This article first appeared on the Cato Institute site.
“Are Shoe Brands Charging You More Based On Your Gender?” asks Footwear News.
The website cites data compiled by Datafiniti showing that high-end footwear brands tend to price women’s shoes higher than men’s. As examples, the median price of a Gianvito Rossi pair of women’s shoes was $750 versus $469 for the gent’s.
Such data has become increasingly of interest following the New York City study entitled “From Cradle to Cane: The Cost of Being a Female Consumer,” which was then replicated by The Times newspaper in London, both purporting to show that women were discriminated against in pricing terms for a range of everyday products.
Particular examples in the surveys included children’s scooters, women’s hair products and razors. This comes alongside previous studies from the University of Central Florida and Consumer Reports, which found that women tended to pay significantly more for deodorant, haircuts, and dry cleaning.
Does all this show “sexist” pricing and discrimination against women?
Here’s some economics to bear in mind which might explain why the prices of goods might differ in these types of surveys:
There can be cost of production differences in some cases: often men’s clothes and shoes tend to be more standardized than those targeted at, and bought by, women. This explains why both women’s clothing and dry cleaning of that clothing can be more expensive too, given the clothes cannot be handled in the same way. It does not seem a stretch of the imagination to suggest that women’s hair cuts tend to be more expensive as a function of length, time, and the variety of tastes as well.
Though things like different colored razors have the same functional uses, the branding and designs are themselves part of the product. It might be that many women place inherent value on some products being branded as “for women” or else enjoy the scent, colors etc. Indeed, there is nothing to stop women buying male or unisex branded products (some women I know do), suggesting the continued existence of gendered variants is evidence of demand. Prices that maximize profits will be higher for women than men if women are less responsive to price (i.e. have more inelastic demand). This might be because of greater attachment to brand, or because women perceive products tailored to women as being of higher quality.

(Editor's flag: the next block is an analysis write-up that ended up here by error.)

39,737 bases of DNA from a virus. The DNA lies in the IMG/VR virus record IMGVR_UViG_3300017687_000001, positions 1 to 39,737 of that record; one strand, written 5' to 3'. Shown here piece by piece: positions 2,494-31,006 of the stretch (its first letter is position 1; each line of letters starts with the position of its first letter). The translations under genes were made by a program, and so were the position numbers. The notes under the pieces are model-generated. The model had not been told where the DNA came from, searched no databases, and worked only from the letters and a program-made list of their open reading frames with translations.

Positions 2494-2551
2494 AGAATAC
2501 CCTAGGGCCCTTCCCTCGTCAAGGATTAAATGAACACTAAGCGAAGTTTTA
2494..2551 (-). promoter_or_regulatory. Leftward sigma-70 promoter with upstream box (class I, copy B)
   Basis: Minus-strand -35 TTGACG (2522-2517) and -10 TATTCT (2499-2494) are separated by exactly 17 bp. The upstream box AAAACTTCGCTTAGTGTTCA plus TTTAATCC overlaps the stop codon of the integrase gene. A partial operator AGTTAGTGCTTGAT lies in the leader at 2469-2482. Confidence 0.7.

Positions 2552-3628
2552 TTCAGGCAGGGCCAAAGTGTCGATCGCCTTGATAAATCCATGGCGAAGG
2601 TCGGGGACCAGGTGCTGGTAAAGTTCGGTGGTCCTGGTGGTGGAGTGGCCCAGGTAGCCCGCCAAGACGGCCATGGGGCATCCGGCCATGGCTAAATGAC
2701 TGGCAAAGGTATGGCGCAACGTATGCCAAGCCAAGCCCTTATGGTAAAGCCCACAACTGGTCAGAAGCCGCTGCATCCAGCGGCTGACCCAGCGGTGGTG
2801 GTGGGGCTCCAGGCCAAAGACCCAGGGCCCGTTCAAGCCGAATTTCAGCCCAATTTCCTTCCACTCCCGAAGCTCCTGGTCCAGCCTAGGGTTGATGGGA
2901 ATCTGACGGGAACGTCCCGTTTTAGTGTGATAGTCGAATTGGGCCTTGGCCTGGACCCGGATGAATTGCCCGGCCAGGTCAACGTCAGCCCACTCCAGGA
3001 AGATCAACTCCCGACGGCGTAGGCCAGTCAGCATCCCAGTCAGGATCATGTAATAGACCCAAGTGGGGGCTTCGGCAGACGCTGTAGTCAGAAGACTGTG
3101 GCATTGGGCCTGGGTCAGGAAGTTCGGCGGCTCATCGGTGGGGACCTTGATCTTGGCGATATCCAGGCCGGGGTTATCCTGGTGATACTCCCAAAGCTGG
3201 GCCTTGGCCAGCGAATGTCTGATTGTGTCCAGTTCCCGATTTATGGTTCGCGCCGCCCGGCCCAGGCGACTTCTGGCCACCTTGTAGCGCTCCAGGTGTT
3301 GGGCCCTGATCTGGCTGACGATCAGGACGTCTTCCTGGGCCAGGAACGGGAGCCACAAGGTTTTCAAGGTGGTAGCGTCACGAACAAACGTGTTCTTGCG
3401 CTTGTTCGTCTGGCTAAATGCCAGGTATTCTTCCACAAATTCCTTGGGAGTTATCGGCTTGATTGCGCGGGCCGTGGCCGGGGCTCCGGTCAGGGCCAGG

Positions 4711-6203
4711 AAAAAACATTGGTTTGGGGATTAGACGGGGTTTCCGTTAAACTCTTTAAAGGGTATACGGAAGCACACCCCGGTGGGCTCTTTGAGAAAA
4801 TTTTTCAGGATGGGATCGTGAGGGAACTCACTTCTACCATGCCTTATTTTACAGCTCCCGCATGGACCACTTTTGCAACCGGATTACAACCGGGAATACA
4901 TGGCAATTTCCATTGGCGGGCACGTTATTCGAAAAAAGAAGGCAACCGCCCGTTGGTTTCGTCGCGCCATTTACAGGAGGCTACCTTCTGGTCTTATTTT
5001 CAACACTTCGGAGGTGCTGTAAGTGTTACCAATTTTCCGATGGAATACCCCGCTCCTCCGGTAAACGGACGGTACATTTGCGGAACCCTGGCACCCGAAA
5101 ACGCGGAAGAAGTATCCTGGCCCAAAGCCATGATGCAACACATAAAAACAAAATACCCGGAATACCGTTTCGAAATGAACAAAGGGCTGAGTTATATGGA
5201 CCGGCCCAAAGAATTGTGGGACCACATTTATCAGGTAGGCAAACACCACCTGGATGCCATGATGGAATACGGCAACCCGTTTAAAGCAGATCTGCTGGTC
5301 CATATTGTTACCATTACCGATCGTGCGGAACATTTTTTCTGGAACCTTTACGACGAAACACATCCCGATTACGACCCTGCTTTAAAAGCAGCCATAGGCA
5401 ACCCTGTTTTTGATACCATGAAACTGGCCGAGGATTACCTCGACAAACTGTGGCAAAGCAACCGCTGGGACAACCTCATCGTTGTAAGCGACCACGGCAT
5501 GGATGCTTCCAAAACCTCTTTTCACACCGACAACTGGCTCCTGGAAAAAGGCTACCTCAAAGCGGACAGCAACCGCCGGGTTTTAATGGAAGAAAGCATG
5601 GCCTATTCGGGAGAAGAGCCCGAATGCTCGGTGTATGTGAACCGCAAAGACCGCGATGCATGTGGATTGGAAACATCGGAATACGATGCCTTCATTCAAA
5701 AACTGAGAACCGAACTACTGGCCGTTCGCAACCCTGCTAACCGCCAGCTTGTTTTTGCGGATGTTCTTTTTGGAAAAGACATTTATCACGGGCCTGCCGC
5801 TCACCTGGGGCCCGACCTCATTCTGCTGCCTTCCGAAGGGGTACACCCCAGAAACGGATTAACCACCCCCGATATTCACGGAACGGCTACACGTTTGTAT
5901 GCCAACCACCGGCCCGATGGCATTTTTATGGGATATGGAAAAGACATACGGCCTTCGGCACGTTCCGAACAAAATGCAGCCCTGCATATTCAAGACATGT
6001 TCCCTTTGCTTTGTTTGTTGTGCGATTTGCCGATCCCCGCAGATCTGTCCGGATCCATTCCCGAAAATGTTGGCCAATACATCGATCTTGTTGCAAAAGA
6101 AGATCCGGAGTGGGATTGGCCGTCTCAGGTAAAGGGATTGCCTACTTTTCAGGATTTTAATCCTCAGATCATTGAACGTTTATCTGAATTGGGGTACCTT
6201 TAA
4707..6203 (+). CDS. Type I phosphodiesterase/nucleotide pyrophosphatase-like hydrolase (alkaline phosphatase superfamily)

For some products targeted at women, women may buy fewer units of any given brand relative to men (on products where women prefer variety), which would (other things given) lead to higher prices too.
The surveys themselves may be biased towards standardized products with male and female versions. Tyler Cowen speculates, for example, that women might (on average) have a relative taste for variety and quality on these type of low value products, whereas men tend to spend more cheaply on these but more on products not differentiated by gender (such as automobiles, electronic sound systems etc).
The example of nightclub cover charges, where women frequently obtain “free” entry, shows that for some goods and services men tend to pay more than women. Even in the shoe study, the data shows that the median price for moderately priced sneakers tends to be higher for men than women’s shoes. A pair of Nike women’s shoes was $80 vs. $85 for men. Some of the above economics might explain this (particularly the elasticity explanation), but with things such as nightclub nights the charge may help cover for probability of externalities – i.e. drunken violent behavior. Another example of this is vehicle insurance, where men tend to pay more than women for near identical products due to higher costs associated with a tendency towards more risky behaviors for men.
As seen then, there are many different rational explanations for why different prices might be charged for products targeted at different genders. This is certainly not an area where there are obvious “market failures” which justify government intervention.
The implicit criticism by some of this practice seems to be opposition to the mere existence of “gendered” products at all. Indeed, in a debate I had on the subject in the UK, my female opponent claimed that women did not want products to be “gendered.” If this is true, it suggests there is an exceptional entrepreneurial opportunity for companies to develop more unisex products.
Ryan Bourne occupies the R. Evan Scharf Chair for the Public Understanding of Economics at Cato.